By Lethbridge Herald on December 5, 2018.
The Lethbridge Police Service is warning local motorists that due to new federal mandatory alcohol laws coming into effect later this month officers will have sweeping new powers to perform roadside breathalyzer tests.
“Effective Dec. 18 the federal government has introduced (with Bill C-46) a number of new initiatives to combat impaired driving,” said Traffic Response Unit commander Sgt. Wade Davidson at a press briefing on Wednesday. “One of the big initiatives coming out of it is mandatory alcohol screening. What that is going to mean is in the past officers have been required to have a reasonable suspicion that a person has alcohol in their body before they can make a roadside breath demand. As of Dec. 18, an officer who has an approved road screening device with them will be able to make a demand of that person to provide a sample as soon as they are stopped.”
Further, explained Davidson, it will also now be against the law to refuse to comply with such a test.
“If there is refusal to provide a sample on the roadside device, we’re not bringing them back here (to the station) to give them another shot at it,” Davidson said. “Refusal to provide a sample to a roadside device is a criminal offence, and it is treated the same as if the person were double the legal limit; so it’s a very high minimum penalty that’s going to be in place for a refusal.”
While he expected the federal bill to eventually be challenged at the Supreme Court level by legal rights advocates, Davidson said until such time as the Supreme Court rules, one way or another, LPS officers would enforce the law.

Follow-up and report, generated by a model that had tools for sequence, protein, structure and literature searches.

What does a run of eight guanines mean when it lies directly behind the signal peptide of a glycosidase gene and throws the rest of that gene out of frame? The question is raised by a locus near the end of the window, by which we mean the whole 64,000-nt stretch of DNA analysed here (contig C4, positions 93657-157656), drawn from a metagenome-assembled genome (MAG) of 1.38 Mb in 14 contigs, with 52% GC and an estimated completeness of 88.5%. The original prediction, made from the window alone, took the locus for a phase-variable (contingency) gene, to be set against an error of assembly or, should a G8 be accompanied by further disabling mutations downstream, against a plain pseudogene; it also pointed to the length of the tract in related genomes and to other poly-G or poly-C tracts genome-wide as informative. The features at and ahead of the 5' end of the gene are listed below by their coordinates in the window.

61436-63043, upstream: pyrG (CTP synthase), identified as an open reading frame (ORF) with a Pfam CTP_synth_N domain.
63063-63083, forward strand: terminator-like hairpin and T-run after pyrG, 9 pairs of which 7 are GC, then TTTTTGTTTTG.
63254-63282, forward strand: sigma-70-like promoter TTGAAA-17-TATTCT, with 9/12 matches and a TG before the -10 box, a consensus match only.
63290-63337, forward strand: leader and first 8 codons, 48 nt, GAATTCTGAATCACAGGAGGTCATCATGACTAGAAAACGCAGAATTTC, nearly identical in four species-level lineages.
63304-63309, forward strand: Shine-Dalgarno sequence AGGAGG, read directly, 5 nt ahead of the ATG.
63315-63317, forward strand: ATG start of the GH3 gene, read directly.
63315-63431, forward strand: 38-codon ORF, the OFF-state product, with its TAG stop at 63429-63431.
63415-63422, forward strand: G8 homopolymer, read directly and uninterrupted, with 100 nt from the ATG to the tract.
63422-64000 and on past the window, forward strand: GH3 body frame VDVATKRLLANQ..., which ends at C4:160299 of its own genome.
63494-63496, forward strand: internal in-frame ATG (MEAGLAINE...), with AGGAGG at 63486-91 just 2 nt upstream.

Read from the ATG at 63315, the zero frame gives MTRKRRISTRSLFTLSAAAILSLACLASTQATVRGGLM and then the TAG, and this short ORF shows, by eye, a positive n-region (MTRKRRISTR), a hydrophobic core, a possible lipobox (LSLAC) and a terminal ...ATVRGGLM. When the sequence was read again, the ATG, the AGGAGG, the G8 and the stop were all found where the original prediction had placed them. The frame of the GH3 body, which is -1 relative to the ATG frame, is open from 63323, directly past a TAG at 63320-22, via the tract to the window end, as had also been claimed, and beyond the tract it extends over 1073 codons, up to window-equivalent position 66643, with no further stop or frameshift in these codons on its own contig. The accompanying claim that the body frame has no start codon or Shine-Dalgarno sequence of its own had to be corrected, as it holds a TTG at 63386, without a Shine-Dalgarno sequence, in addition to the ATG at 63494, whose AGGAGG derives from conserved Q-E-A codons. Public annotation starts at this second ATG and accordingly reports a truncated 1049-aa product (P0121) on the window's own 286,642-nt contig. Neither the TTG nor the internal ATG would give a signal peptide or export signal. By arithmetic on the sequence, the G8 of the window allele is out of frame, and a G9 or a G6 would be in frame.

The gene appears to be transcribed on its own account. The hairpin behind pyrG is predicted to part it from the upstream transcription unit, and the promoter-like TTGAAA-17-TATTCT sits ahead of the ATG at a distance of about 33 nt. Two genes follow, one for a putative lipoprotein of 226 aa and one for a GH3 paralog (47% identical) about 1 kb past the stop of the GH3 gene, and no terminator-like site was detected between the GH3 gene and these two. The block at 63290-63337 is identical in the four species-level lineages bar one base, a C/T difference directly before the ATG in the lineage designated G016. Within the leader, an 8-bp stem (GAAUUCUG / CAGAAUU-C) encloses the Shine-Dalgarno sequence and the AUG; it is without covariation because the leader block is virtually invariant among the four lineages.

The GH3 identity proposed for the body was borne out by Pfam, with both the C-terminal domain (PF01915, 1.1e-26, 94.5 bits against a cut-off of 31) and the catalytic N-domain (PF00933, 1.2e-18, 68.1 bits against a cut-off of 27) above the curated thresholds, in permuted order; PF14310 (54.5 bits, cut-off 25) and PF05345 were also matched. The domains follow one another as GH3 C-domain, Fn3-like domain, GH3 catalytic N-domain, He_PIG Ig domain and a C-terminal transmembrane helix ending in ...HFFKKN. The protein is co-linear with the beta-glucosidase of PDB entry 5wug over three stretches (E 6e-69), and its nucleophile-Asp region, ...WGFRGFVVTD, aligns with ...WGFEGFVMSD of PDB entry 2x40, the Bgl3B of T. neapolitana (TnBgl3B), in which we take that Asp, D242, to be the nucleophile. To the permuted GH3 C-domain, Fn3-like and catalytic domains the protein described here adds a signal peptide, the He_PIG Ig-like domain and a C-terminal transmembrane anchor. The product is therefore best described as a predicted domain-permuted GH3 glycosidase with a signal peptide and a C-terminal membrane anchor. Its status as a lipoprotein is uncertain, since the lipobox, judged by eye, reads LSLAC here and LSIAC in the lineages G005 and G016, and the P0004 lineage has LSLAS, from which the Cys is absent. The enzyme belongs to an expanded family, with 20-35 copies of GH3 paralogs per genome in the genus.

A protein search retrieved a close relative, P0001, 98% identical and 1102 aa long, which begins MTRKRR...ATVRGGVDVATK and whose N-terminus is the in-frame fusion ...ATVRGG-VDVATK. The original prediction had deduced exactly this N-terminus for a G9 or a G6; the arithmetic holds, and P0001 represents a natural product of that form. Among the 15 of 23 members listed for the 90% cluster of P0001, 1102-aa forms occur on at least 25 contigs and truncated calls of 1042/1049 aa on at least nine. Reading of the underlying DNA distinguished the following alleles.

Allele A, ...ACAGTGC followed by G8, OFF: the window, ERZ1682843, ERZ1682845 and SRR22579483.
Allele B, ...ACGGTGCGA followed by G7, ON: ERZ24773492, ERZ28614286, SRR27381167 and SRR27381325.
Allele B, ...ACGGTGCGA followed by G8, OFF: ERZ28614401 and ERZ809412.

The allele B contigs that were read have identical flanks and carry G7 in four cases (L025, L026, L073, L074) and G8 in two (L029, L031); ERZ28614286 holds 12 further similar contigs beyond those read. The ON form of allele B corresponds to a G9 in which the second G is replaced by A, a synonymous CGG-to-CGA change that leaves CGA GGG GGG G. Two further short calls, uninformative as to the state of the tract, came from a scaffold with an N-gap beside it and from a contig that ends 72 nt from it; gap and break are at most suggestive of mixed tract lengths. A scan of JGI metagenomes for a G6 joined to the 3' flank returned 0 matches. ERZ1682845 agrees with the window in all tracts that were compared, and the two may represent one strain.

“The aim of mandatory screening is to reduce impaired driving,” he stated. “We know at Check Stops we miss a significant portion of drivers who are impaired. Now with mandatory alcohol screening, the expectation is going to be everybody who pulls up to a Check Stop is going to be screened for alcohol consumption with an appropriate screening device.”
Davidson hoped the public would co-operate fully in the spirit of helping to prevent intoxicated drivers from getting behind the wheel.
“My hope is people are going to make good decisions and not drink and drive because their odds of getting caught or apprehended are going to dramatically increase with this legislation,” stated Davidson. “Please don’t be offended if we ask you to provide a breath sample. We are not implying you are drinking behind the wheel. Please understand it is everybody who is getting checked, not just that individual.”
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